Electricity prices in Texas soared this week as utilities scrambled for supplies to meet surging heating demand in the middle of a historic winter storm, prompting regulators to order a cap on prices.

Texas power prices spike as deadly cold wave overwhelms grid- oil and gas 360

Source: Reuters

Millions of Texans are without power after grid operator The Electric Reliability Council of Texas (ERCOT) instituted blackouts as electric heating demand overwhelmed generation, some of which was knocked offline by the extreme weather.

Next-day power for Wednesday at the ERCOT North hub, which includes the cities of Dallas and Fort Worth, spiked to a record of $8,800 per MWh, a nearly six-fold jump from $1,489.75 the previous day.

In response, the state’s Public Utility Commission ordered the operator to cap prices here at $9,000 per MWh on Wednesday.

The extreme weather has forced about 34,000 megawatts (MW) of generation off the system, ERCOT said on Monday, or 40% of roughly 82,000 MW of expected capacity.

Around 2.7 million customers were still without power in Texas, according to local power companies.

(Graphic: ERCOT North hub next-day power price jumps to record high, )

ERCOT’s website showed wholesale power prices deliverable over the next five minutes broke above $10,000 per MWh earlier this week. Prices were over $9,000 earlier on Wednesday morning.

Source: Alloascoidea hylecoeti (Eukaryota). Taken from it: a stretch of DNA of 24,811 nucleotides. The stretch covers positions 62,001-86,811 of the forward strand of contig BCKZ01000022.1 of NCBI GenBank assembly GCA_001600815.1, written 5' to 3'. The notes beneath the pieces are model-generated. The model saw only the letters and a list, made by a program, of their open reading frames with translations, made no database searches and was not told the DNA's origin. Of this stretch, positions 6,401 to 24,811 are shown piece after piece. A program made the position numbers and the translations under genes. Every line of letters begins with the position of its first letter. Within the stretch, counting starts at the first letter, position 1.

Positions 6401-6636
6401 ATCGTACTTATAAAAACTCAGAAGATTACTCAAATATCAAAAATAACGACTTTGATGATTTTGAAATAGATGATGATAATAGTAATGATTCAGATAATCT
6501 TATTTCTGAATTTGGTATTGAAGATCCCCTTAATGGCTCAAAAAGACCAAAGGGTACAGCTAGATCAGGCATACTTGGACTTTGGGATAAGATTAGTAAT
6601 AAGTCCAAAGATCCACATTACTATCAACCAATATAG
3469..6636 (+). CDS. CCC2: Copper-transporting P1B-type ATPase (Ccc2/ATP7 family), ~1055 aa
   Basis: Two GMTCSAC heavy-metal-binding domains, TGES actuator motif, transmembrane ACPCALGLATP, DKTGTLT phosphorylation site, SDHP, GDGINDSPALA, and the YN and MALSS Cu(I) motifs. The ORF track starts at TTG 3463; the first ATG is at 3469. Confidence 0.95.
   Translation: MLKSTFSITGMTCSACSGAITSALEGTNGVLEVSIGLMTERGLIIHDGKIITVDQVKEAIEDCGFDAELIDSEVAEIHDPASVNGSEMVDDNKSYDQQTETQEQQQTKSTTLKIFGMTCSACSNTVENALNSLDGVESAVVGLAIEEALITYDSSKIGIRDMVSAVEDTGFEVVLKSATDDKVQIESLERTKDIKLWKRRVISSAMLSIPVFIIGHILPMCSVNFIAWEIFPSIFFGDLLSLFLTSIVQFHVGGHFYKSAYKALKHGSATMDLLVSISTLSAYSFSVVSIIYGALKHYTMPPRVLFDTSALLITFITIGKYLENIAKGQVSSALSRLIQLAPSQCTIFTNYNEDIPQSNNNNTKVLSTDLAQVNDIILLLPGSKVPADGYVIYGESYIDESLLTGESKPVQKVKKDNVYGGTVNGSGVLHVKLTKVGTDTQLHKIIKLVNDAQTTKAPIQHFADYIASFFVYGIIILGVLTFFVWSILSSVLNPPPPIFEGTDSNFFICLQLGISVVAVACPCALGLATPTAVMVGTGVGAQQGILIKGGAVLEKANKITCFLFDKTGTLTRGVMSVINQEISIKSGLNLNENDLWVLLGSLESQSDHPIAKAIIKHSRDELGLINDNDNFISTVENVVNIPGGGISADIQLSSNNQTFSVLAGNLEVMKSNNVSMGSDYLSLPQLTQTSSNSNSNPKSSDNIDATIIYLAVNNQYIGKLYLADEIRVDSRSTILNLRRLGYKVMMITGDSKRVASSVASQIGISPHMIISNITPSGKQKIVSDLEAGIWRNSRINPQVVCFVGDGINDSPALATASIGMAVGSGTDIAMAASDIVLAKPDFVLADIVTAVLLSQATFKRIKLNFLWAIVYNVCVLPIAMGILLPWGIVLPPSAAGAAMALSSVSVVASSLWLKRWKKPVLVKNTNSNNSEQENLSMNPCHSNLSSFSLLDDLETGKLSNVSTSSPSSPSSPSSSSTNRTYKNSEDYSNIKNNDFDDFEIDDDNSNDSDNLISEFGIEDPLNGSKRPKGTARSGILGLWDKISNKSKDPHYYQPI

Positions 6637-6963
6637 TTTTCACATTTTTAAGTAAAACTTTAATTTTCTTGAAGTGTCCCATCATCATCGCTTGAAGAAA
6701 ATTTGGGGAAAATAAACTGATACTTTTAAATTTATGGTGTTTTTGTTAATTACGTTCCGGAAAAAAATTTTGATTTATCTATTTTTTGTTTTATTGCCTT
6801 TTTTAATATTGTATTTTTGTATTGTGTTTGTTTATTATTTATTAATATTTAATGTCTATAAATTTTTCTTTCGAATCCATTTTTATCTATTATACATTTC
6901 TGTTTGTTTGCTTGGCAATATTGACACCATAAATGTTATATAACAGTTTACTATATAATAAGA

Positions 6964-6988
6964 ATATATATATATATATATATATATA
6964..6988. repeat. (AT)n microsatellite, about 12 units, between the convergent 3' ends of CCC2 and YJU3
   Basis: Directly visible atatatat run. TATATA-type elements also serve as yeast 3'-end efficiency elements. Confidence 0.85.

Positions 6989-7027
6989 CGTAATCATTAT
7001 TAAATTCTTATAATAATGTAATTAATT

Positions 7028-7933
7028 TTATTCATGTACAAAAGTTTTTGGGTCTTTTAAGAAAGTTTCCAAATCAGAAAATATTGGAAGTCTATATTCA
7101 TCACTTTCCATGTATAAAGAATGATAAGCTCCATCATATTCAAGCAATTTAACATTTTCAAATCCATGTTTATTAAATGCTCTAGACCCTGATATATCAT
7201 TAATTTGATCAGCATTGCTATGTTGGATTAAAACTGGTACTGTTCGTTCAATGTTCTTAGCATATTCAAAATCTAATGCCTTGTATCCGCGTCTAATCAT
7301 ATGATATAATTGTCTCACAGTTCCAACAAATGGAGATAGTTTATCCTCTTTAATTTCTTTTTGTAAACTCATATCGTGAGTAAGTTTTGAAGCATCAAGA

Real-time prices were less than $50 per MWh before the cold blast hit Texas.

“The surge in prices is due to the simultaneous constriction in supply due to freeze-offs and a surge in demand for heating,” said Marshall Steeves, energy markets analyst at IEG Vantage, adding that the price spike is affecting residential and commercial users.

“Homeowners who depend on power for home heating will be particularly impacted while businesses and manufacturers will face a spike in rates.”

Temperatures are expected to rise after mid-week which should help the market balances normalize, he added.

“There isn’t a massive impact to the futures curve which tells me that this event is short-lived and of course highly dependent on the current weather pattern,” said Robert DiDona of Energy Ventures Analysis.

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